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Wildlife management needs never end

January 30, 2010
By Garry Brandenburg

More EAGLE stories for you this week. This one turned out A-OK. As you will note in the caption to today's photo, this adult eagle had an attitude and a penchant for freedom. And freedom is what it got.

Burt Walters, State Conservation Officer, may be a familiar face to Marshall Countians. He was assigned to this territory about 10 years ago before transferring to Jackson County. After being at Jackson for a couple of years, he transferred again to Clayton County near his home town of McGregor. Walters is a well seasoned game warden with a wealth of knowledge about the Mississippi and the northeast Iowa country in general.

The eagle had no apparent injuries at all when given a quick review by the medical team. Their best option was the advice of Walters to have him take the bird to the raptor center near Cedar Rapids the next day. So the bird went home with him and was locked inside the garage.

Article Photos

Burt Walters, Iowa DNR Conservation Officer at McGregor, holds a bald eagle just prior to its release. The adult eagle was reported to him by a veterinarian at Postville. Two men had found the eagle lying in a road ditch earlier that day, January 22nd, and brought it to the vet. Walters took the bird home with intentions to take it to Cedar Rapids, IA to a raptor rehab center. The bird had other plans. It revived on its own overnight inside Walter's garage. When Walters opened the garage door the next morning, the eagle was ready to escape captivity. It took a couple of hops to the outside and flew away. Its flight path took it over McGregor and off into the skies until it was no longer visible.

Overnight the bird recovered on its own. When I asked Burt what the original cause might have been that allowed the lethargic eagle to be picked up by the passers by, Walters could only speculate that the bird may have been temporarily stunned by some unknown impact while it was hunting. The overnight 'hotel' in the garage allowed the bird to wake up, apparently uninjured and ready to get going.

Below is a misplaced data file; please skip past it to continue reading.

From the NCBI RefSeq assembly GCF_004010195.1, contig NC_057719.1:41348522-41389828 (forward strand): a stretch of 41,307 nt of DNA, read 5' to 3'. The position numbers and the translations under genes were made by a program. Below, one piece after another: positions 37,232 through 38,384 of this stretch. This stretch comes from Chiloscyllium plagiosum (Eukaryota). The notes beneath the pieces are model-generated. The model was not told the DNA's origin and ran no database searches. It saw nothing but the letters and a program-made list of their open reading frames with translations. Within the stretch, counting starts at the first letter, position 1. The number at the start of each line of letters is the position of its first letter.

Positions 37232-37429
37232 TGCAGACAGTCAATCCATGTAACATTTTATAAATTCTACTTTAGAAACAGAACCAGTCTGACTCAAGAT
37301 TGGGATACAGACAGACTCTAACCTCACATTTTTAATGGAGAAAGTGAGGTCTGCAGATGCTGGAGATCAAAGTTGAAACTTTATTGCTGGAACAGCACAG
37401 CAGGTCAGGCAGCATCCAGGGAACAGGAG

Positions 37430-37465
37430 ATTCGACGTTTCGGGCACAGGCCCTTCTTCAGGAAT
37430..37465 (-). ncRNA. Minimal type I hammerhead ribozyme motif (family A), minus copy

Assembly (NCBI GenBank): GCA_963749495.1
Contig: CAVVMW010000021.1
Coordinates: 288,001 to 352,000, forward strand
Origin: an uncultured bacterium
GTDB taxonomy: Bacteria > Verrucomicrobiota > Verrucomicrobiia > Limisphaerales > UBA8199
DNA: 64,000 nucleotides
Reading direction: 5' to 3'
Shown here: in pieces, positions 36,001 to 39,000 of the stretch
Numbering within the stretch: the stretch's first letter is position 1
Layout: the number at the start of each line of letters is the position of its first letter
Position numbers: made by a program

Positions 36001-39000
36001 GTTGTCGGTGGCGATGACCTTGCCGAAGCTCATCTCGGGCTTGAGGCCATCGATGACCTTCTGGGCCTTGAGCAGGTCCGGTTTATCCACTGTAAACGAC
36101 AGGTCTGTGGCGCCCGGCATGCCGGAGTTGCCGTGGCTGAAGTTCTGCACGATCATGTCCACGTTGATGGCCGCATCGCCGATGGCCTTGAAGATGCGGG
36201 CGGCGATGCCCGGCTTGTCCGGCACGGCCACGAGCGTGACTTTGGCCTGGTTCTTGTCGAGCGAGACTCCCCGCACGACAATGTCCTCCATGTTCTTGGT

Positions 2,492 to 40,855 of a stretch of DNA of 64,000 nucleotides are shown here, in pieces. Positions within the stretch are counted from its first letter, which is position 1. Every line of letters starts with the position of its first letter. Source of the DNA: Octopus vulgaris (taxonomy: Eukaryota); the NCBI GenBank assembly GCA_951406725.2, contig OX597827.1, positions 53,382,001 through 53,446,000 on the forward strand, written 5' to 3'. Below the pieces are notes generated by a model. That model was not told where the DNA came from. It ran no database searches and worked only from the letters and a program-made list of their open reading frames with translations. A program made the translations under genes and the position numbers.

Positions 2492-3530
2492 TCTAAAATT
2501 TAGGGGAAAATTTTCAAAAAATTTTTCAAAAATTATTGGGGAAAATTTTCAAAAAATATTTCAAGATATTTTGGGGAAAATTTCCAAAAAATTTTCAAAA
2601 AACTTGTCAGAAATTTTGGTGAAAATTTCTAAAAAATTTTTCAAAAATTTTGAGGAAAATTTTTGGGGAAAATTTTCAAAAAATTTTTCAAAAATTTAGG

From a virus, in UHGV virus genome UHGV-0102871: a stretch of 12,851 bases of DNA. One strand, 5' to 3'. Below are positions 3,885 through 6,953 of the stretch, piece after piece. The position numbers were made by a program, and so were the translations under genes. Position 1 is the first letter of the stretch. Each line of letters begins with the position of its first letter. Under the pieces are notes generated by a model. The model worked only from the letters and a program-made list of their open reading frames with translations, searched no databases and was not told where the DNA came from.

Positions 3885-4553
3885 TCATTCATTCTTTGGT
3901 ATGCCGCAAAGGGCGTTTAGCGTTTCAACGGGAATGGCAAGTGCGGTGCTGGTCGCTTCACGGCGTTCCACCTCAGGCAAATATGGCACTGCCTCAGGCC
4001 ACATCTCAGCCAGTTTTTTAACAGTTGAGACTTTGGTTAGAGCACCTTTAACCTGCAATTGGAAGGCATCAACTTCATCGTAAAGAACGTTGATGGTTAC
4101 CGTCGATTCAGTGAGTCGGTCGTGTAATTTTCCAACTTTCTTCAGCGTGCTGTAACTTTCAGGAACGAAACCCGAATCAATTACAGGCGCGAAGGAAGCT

Once the garage door opened, the bird was quick to note the escape route and took full advantage of the opportunity. Its flight over the valley and the City was noted for as long as it could be kept in sight.

Thanks Burt for assisting in just one of the many tasks conservation officers are asked to do. It is good that this eagle's close encounter with man-kind turned out well.


The DEER TASK FORCE for Marshalltown met last Wednesday afternoon to listen to progress reports relative to Marshalltown's first urban archery deer hunt. DNR deer depredation biologist Bill Bunger was present to answer questions and note the overall reported deer take within the City. Terry Gray of the Parks and Recreation Department also noted the number of calls to her office for reported deer harvests.

Here is the summary of the meeting comments. Overall, there were 13 archers that were certified through the Iowa DNR's bowhunter education program and who had met all the requirements for obtaining City licenses. Out of a potential 75 licenses allocated, 41 were sold. Twenty one deer have been taken so far comprised of 15 female deer, 4 button bucks and two shed antlered bucks.

In the perimeter zone around the City, 38 of the 100 licenses were sold but only 8 deer taken on those tags. One was a button buck and the other seven were female deer. It must be noted that the perimeter zone licenses were above and beyond any other county-wide antlerless licenses that hunters may have used within the perimeter zone. With all 650 county- wide antlerless licenses selling out in only a few days, it is apparent that the perimeter zone option licenses, available to any deer hunter, were not taken advantage of.

Overall for the first year, the task force thought the learning curve for qualifying archers worked pretty well. It was noted that specific landowners who had left their names and addresses with park and Recreation department personnel did get hunters to attempt to take deer in those areas. Success in hunting is never guaranteed as the 13 urban archers can attest to. Seeing deer and having deer walk to within 25 yards are two completely different things.

Winter extreme cold weather, early December flooding, and lots of deep snow, strong winds and ice storms were all factors that impeded urban archers this past season. In spite of these obstacles, a good first year attempt was made. For each of the 15 female deer taken, this roughly translates into 45 fewer deer going into next spring. This assumes that each doe would have had twin fawns in late May or early June 2010.